4. Safe ventilationSome of the earliest research into the transmission of COVID-19 found that air conditioning and ventilation systems played a significant part in reducing the spread of the virus, and this has been supported by a study by the European Centre for Disease Prevention and Control.1 As a result, flexible office spaces have set about modifying their air conditioning systems according to the most up-to-date research. By reducing the recycling of old air and refreshing the office with air from the outside, flexible office providers are battling COVID-19 on another front.
What about co-working spaces?The checklist above are just some of the ways that employers can ensure a safe environment for their team. But it remains a mammoth undertaking. The administration of office spaces is a headache at the best of times, but COVID-19 has increased the magnitude of that task immeasurably – so much so that many companies and organisations have created and tasked entire departments with making their workspaces COVID-19 secure and protecting against the spread of the virus. With complete control of the office building’s administration, flexible office spaces have been able to adapt the quickest to the latest – and ever-changing – COVID-19 safety advice. These flexible, ready-to-move-in spaces are managed by an operator with services and amenities on tap, flexible office spaces include serviced offices, private offices, as well as hotdesking facilities, and they are the safest option for those looking to return to a more traditional work set-up once the lockdown has been lifted. As well as being up to date on the latest safety guidelines at the workstations themselves, many flexible workspace operators provide COVID-19 secure wellness and health programmes to help keep workers’ minds healthy as well as their bodies.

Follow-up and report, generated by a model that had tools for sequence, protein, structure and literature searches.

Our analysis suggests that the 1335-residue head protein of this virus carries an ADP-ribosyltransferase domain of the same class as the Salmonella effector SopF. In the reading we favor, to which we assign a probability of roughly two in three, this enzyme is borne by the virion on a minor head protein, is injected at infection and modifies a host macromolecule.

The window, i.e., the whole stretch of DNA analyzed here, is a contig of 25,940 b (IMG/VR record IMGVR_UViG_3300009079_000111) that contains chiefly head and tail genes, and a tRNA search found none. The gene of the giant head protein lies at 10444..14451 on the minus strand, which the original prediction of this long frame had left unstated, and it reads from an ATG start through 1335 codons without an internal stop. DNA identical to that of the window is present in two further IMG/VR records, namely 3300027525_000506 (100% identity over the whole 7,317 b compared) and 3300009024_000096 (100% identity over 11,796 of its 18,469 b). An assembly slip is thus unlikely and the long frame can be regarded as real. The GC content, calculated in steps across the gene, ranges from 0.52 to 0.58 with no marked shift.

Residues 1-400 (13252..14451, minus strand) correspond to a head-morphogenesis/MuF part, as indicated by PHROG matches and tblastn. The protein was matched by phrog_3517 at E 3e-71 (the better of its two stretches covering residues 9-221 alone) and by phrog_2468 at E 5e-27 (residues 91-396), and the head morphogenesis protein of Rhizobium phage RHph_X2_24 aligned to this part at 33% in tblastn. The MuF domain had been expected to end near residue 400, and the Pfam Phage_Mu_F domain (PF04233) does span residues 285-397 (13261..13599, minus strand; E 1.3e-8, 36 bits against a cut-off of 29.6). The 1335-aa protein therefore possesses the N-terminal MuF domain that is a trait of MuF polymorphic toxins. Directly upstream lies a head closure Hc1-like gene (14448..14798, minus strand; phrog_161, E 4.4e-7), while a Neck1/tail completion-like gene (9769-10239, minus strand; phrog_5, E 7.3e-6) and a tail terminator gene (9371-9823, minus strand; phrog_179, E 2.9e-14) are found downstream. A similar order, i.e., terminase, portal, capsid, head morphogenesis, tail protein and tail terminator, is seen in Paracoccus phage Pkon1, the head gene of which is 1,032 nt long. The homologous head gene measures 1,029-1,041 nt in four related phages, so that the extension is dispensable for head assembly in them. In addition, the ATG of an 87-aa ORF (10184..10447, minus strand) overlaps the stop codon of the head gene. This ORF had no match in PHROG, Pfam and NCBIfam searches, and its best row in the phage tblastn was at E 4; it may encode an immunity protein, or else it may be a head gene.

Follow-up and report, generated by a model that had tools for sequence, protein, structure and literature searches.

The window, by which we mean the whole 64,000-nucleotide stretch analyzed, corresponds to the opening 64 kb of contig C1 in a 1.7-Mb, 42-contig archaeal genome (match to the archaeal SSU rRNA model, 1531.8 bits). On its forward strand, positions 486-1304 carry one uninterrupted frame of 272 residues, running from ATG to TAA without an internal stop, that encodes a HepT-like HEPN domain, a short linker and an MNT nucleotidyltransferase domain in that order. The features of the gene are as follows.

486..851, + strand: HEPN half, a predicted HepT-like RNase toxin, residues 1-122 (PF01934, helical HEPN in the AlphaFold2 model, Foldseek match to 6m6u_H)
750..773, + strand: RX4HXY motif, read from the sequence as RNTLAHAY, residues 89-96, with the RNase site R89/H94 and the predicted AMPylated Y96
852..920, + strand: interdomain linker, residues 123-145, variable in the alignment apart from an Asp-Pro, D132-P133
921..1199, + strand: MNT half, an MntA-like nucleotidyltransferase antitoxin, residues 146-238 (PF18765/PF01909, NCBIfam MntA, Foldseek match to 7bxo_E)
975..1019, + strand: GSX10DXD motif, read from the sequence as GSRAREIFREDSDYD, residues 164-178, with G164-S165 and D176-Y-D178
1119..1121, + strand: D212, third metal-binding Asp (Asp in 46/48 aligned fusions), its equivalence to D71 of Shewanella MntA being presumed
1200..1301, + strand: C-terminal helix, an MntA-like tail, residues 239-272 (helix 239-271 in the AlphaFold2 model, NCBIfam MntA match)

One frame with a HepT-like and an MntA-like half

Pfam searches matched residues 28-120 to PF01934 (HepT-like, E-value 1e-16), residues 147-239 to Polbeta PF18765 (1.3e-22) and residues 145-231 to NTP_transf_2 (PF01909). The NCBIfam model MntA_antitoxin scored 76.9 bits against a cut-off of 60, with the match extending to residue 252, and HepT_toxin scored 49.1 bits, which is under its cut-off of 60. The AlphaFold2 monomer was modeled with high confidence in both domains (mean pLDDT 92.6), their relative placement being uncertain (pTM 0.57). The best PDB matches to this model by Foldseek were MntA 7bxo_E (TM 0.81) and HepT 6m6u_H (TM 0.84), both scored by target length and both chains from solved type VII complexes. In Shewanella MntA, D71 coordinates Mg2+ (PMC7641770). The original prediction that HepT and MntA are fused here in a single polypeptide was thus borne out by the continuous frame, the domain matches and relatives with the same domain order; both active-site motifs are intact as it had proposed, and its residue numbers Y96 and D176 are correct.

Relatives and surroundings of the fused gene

Research by Coworking Resources indicates that the number of coworking spaces worldwide will more than double by 2024 to surpass 40,000.The serviced office market has a history of doing well in uncertain climates. The sector has been following an upward trajectory for the last four decades, despite disruptive events like the dot com crash, the global financial crisis of the noughties, and more recently, Brexit. This is specifically because managed offices provide businesses with the flexibility that is essential to survive black swan events. According to FreeOfficeFinder, up until the end of February 2020, 18% of enquiries received were for leased offices, compared with 82% for serviced/managed solutions. Between April and August 2020, and 11% of enquiries are for leased offices, and 89% for serviced/managed solutions. That’s an 8.5% increase for serviced office enquiries and a 38.9% decrease for leasehold enquiries. “We know that the trend in recent years is companies moving away from long leases onto more flexible agreements, using serviced and managed offices,” says Nick Riesel, FreeOfficeFinder’s managing director. “However, I believe that the fallout and uncertainty of the pandemic is acting as an accelerator by steering these decisions at a much faster pace. It is likely we will see this trend continue for quite a while.”